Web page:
Philip Weiss, a bold polemicist whose New York Observer blog, MondoWeiss, has been besieged by posts on the subject since he addressed it last week, has even gone so far as to declare a new movement. His account of it embraces the new forum for dissent, Independent Jewish Voices, which was launched in Britain last week by an eminent group that includes Eric Hobsbawm and Harold Pinter. In launching its manifesto, Independent Jewish Voices has taken the 40th anniversary of the occupation of the West Bank and Gaza Strip as an occasion to create 'a climate and a space in which Jews of different affiliations and persuasions can express their opinions about the actions of the Israeli government without being accused of disloyalty or being dismissed as self-hating.' One of its founding principles is: 'The battle against anti-Semitism is vital and is undermined whenever opposition to Israeli government policies is automatically branded as anti-Semitic.' 'A lot of people, like Tony Judt, have been doing brave work here in the US for a while,' Weiss tells me. 'What has happened specifically is that for once, the mainstream is paying attention.'
He dates the beginning of this back to last March, when an explosive article about the influence of the Israel lobby on American foreign policy, written by two American political scientists, Stephen Walt and John Mearsheimer, was published in the London Review of Books (having originally been turned down by the Atlantic Monthly). The response to the piece was so overwhelming - and so coloured by accusations of anti-Semitism - that the LRB decided to host a debate on the subject in New York last September. That debate was sold out; Tony Judt, one of the speakers, gave an exceptionally eloquent performance, in the course of which he said it was significant that the event had been hosted by a London publication. Public conversation on the issue had been so absent in America, he suggested, that it could only be opened up by importation.
'When Walt and Mearsheimer were published in London,' Philip Weiss continues, 'I said: something's changing.' Since then, the publication of former president Jimmy Carter's book, Palestine: Peace Not Apartheid, and the attention given to Rosenfeld's accusations in his AJC article, have proved, in Weiss's view, that 'there's no question that something has changed. One of the excitements of what's going on right now is that people who have had feelings about this and have not expressed them are popping up all over. It's personally very stirring to me that this is happening. I can't believe it.'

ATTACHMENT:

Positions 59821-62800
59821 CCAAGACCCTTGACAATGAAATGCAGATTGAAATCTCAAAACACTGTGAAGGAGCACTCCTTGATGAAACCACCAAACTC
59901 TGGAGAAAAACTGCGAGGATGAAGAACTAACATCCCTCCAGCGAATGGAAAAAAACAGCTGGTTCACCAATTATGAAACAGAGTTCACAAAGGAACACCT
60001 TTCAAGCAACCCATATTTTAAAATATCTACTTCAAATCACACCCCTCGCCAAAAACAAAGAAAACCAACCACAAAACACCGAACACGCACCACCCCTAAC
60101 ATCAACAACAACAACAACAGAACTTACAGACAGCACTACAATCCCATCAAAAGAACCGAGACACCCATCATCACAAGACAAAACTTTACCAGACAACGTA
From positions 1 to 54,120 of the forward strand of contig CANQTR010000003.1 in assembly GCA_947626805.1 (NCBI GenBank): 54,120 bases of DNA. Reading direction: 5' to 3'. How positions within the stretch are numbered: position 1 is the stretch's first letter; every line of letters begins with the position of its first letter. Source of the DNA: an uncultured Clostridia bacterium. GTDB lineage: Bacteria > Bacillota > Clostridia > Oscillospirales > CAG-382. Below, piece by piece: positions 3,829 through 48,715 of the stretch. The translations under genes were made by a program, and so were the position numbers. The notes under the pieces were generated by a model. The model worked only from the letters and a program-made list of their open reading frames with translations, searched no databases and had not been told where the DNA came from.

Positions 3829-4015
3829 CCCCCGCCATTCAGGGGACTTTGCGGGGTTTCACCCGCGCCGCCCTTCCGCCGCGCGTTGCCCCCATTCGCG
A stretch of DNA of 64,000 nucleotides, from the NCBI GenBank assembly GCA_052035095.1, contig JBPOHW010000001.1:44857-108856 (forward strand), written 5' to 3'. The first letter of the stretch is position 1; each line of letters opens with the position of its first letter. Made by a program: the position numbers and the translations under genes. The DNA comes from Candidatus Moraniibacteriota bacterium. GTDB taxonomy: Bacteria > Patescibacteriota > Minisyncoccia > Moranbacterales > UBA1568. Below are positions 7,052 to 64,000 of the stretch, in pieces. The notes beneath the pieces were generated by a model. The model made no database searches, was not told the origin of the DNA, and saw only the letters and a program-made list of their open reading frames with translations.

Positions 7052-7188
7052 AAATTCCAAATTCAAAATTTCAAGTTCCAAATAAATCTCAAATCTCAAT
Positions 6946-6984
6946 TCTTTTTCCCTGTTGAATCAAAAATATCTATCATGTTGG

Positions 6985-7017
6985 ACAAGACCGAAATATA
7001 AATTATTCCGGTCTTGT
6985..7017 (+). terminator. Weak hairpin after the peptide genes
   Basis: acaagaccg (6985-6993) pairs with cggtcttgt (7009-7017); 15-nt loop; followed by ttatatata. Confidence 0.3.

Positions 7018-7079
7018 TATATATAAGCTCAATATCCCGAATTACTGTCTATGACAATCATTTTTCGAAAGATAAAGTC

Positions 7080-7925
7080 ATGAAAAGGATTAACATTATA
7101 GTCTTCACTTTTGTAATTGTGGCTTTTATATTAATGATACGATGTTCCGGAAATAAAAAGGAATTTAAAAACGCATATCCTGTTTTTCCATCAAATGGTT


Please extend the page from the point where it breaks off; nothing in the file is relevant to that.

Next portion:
In fact, the debate is so current that the online magazine Slate has come up with a quiz entitled 'Are You A Liberal Anti-Semite?' (Sample question: 'Which state's offences against humanity bother you most? a) Sudan b) Israel c) Massachusetts'.) One of the prizes is dinner with Tony Judt.
Tony Judt is, in the words of a fellow historian, 'one of our most dazzling public intellectuals'. As a prominent professor at New York University and a regular contributor to the New York Review of Books, the New York Times and The Nation, he has a strong and widely heard voice. His latest book, Postwar - a magnificent, opinionated and vast history of Europe since 1945 - was voted one of the 10 best books of last year by the New York Times. A talented forger of links between thinkers from countries all over the world, Judt worked tirelessly after 1989 to bring together eastern European and American intellectuals, and he solidified these efforts by founding the Remarque Institute at NYU in 1995 to promote the study and discussion of Europe in America. A natural polemicist, he brought with him to New York an Oxbridge tradition more pugnacious than is generally characteristic of American academic life, and found himself - after years spent concentrating on European history - drawn back into an engagement with the Middle East.
In 2003, Judt wrote an articulately provocative piece for the New York Review of Books entitled 'Israel: The Alternative', in which he argued, among other things, that Israel was 'an anachronism' that was 'bad for the Jews' and should be converted into a binational state. The offices of the New York Review were inundated with letters as a result. Last year, Judt wrote an op-ed piece for the New York Times in which he argued that America's fear of anti-Semitism when discussing Israel wrought tremendous damage. As the page was about to go to press, the editor rang him up. 'Just one thing,' he said, 'You are Jewish, aren't you?'